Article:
Maine Wind Farm Proposal Stalled

Progress towards construction of a new utility-scale wind farm in Maine has been dealt a major blow from environmentalists concerned over possible avian issues. Maine’s largest wildlife organization filed an appeal to the permit granted last month to Evergreen Windpower, LLC to construct a wind-power farm in the town of Mars Hill in Aroostook County.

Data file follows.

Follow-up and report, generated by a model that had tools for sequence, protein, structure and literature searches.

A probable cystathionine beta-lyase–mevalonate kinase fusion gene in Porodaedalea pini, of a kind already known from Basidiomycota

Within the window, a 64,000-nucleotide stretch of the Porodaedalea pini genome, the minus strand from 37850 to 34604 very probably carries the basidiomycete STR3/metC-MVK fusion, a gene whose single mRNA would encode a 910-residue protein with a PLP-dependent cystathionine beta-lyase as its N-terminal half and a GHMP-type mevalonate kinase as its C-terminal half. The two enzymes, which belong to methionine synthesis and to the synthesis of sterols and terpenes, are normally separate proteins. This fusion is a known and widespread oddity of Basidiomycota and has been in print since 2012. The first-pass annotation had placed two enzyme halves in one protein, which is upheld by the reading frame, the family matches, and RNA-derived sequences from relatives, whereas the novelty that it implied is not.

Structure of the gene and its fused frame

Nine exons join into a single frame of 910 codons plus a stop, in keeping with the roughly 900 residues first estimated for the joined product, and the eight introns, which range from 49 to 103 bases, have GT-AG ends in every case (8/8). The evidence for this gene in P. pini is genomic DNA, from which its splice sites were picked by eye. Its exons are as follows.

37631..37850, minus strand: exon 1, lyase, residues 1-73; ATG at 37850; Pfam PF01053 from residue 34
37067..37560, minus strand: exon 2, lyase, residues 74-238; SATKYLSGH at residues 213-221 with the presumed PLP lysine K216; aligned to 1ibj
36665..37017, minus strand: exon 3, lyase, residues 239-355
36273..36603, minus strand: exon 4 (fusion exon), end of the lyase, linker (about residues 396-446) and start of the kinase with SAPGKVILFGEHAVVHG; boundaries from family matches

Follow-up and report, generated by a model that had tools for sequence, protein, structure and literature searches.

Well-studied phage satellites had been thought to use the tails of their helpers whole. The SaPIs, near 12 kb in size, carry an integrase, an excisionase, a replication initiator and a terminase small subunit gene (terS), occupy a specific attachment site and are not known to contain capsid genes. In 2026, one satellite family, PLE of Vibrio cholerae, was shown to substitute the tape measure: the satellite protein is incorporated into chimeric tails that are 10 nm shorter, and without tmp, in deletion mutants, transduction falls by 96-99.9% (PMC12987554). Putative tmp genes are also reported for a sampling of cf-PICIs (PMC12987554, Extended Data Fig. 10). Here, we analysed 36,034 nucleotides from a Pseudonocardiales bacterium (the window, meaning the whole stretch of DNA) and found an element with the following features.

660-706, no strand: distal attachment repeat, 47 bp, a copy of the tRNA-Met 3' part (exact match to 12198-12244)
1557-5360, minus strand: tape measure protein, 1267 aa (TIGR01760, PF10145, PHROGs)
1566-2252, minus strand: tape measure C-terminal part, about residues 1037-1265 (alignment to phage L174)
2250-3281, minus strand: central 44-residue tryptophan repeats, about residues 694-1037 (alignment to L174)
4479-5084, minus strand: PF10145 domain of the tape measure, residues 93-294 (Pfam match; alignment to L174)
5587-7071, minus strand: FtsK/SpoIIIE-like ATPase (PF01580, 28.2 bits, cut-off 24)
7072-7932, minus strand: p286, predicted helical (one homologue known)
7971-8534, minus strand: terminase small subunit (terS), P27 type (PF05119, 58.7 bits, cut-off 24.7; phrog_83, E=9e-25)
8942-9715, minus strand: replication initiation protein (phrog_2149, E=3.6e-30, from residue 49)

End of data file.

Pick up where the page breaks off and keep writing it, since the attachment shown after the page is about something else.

Mars Hill, Maine – July 12, 2004 [] The organization believes that because the Maine Department of Environmental Protection did not require Evergreen Windpower to conduct preconstruction studies to help determine whether the project would harm wildlife, the permit was granted in violation of Maine law protecting wildlife. “Clearly, Maine Audubon does not oppose wind power, which can be a clean and significant source of renewable energy beneficial to people and wildlife,” said Kevin Carley, Maine Audubon executive director. “That’s why it’s essential to take advantage of this opportunity to make what may be Maine’s first large-scale, commercial wind-power plant a model of how to do things right.” Maine environmental law requires permit applicants to show that their projects will not unreasonably harm or adversely affect wildlife. In March, Maine Audubon requested that before granting a construction permit to Evergreen, the DEP require the company to conduct on-site, preconstruction studies during spring and fall bird-migration seasons. The studies would show how birds and bats use air space and habitat in the proposed project area. The U.S. Fish and Wildlife Service and, initially, the Maine Department of Inland Fisheries and Wildlife also asked DEP to require these studies. Maine Audubon said that in some cases data from wind farms has shown that turbines can pose a serious and lethal threat to raptors, bats and migratory songbirds. The group added that problems tend to be more profound where there are abundant bird populations nearby and/or if the site is part of a migratory corridor. Evergreen Windpower has not collected any original data on migrating birds, bats or raptors at the project site. In fact, migratory pathways over the interior of Maine have never been studied, according to Audubon. However, for a wind-power project proposed for Maine’s Redington Pond Range and Black Nubble Mountain, Maine’s Land Use Regulation Commission required studies similar to those Maine Audubon has recommended in Mars Hill. Evergreen WindPower has firmly defended their proposal. Peter Gish of UPC Wind Partners, the parent company of Evergreen, told the Associated Press that Maine Audubon has called for an “unfair standard” for wind turbines as compared to other types of development. “This is already a developed site, with a ski area, and ATV trails, and six cell towers – some taller than the turbines are going to be,” Gish said. “There is no evidence whatsoever that this is a migratory bird path.” While there may be no evidence working against the developers, there isn’t much working for them either. The area may turn out to be perfect for wind power development, but Audubon wants that determined before any major construction proceeds. “Without at least some site specific information before the project is built, it is impossible to conclude that the project will not adversely affect these animals,” said Jody Jones, Maine Audubon wildlife biologist. “The studies we have suggested are not difficult to conduct — and are in line with the requirements of Maine law. Done the right way from the beginning, this has the potential to be a project deserving the support of everyone in Maine who cares about the environment.” The Town of Mars Hill is a co-applicant for a permit from the DEP to construct up to 33 turbines on the hill that gives the town its name. The project would be located along the ridge of Mars Hill and on adjacent agricultural lands. The Big Rock Ski Area is located on the southwest face of Mars Hill. When completed, the 50 MW project would generate sufficient electricity to meet the needs of up to 25,000 homes, according to the developer.
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